Every marriage story I’ve ever been told started out with joy — the joy of two people who met, fell in love, and at some point decided, “This is the person I want to build a life with.”
And of course, our greatest romantic notions of what marriage should be, at least for Americans, always include the expectation of happiness together. Making a life together with the person who makes you happiest. Making happy memories. Making each other happy. Creating happy memories the two of you will reflect back upon in your old age, should you live that long.
Not every marriage starts out with joy, of course. There are also arranged marriages, marriages of convenience, marriages created out of financial necessity, marriages entered into because of an unexpected pregnancy, and marriages brought about through manipulation, fear, or control.
Those kinds of marriages don’t carry that same promise of happiness. Some of those situations are really tough and difficult, no matter how you cut it.
But let’s get back to happy marriages, or at least the hope of happy marriages.
I’m going to start out with this one piece of wisdom gleaned from nearly 60 years of observing, learning from, and knowing hundreds of married couples of all ages, backgrounds, cultures and financial means:
No marriage that lasts more than a year will always be happy. Not one.
I know, I know…we don’t want our dreams dashed. “Wait. We’re different from everyone else!” Right? And yes, you and your beloved are different from everyone else, from every married couple who has ever walked the face of this planet.
But you’re also different from one another. Very different.
You may just not see all those differences yet, because situations haven’t yet arisen to magnify those differences. But those situations will arise. Guaranteed.
This is where the commitment you made to your spouse to love and cherish them will really be tested.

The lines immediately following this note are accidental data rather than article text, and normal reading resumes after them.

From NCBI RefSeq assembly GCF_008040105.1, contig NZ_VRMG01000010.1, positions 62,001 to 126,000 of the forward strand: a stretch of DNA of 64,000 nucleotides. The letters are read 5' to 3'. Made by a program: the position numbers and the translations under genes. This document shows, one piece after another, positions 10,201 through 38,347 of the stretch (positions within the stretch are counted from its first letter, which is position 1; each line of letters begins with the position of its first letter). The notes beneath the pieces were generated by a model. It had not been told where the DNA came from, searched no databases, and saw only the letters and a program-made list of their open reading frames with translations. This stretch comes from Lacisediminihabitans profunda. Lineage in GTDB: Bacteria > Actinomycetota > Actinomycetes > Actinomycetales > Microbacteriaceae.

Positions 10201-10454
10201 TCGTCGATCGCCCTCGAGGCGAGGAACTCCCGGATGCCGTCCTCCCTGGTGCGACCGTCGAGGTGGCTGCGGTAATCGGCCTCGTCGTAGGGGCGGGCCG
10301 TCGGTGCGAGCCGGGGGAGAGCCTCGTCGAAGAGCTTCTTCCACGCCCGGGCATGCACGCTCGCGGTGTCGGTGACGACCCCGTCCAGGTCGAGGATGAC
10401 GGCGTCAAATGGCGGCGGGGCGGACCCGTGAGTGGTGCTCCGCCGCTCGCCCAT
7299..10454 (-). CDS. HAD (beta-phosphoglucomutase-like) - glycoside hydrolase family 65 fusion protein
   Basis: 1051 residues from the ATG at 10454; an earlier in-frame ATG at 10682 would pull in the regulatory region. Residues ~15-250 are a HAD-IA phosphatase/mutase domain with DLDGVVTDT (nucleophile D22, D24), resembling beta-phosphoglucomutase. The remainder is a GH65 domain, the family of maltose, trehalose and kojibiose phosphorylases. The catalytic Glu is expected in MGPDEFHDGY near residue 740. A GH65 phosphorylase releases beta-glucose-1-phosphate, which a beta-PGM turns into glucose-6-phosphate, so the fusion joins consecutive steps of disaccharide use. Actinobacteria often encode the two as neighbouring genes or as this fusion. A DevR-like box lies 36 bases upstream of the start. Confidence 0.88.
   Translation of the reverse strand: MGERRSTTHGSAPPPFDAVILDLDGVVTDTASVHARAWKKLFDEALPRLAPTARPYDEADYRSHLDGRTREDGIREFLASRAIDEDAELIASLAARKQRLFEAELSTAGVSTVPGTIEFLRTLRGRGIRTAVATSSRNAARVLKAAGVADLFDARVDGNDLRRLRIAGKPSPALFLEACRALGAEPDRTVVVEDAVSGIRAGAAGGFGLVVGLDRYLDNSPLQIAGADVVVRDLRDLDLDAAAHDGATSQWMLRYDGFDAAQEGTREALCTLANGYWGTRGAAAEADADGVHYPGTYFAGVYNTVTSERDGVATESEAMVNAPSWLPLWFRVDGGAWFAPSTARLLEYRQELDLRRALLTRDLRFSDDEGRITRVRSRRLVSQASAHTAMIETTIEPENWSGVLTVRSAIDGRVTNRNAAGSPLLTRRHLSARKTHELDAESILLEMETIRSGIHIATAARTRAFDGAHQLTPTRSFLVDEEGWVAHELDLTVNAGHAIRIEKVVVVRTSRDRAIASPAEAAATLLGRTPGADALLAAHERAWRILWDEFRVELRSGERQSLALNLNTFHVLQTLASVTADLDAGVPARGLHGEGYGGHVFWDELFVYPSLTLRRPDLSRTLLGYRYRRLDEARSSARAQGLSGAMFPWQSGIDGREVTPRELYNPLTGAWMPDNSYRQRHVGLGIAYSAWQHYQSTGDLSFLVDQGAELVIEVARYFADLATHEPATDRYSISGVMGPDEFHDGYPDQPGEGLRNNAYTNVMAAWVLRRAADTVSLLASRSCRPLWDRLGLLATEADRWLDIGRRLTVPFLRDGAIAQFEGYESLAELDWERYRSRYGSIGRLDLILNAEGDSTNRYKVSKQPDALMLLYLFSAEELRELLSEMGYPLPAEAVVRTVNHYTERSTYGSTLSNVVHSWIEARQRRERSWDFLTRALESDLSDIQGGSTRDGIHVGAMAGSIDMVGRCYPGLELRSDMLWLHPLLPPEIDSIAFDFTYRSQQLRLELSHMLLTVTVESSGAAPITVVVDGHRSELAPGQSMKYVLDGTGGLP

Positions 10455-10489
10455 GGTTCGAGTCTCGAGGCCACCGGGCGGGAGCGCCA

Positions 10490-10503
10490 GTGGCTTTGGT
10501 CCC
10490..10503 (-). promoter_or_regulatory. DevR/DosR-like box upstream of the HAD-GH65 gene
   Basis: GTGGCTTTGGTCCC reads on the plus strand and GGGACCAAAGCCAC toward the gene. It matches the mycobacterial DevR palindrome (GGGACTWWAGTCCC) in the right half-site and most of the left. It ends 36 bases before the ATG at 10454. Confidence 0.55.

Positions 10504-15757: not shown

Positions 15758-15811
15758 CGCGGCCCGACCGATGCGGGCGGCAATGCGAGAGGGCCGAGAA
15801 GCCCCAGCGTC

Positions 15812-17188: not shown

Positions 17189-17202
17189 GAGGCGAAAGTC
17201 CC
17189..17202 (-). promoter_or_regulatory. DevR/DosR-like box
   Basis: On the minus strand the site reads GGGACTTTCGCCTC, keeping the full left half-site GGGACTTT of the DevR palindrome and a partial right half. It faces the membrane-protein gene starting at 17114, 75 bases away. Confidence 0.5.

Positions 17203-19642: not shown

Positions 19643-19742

Love isn’t always hearts and flowers and butterflies in the stomach. Real love is not sexual attraction or even “chemistry.” Those are wonderful feelings and experiences to share together, and I hope you have them for the entire life of your marriage.
But those things don’t last, at least not when hardships and trials come your way as a couple.
Here’s what real love does: Real love persists. Real love commits. Real love is in for the long haul.
Real love says, “I’m on your side, and I want the best for you.”
Even when you can’t stand the sight of one another, when you’ve had a huge fight, when those differences between you are so huge they eclipse the wonderful feelings you once had for each other.
Real love works things out.
Real love figures out how to create a life that honors both of you.
I can’t promise real love will make a marriage last for life. It takes two people to do that.
It also takes wisdom, the wisdom that comes only from experience — “We’ve been here before. We can get through this.”
It takes a willingness to self-reflect and change. To grow. To become a better version of yourself, which makes a better wife, a better husband. A better friend.
It takes courage. The courage to walk through the furnace of affliction (anger, disappointment, discouragement) instead of run away.
And it takes commitment. Commitment to the marriage. Commitment to one another. Commitment to make it work.
The reward for all of this is priceless. You will have created a life together. A life that is different from everyone else’s. A life that is yours, and yours alone.
You will have written a story in the heavens that nobody could write except you.
A life written by real love.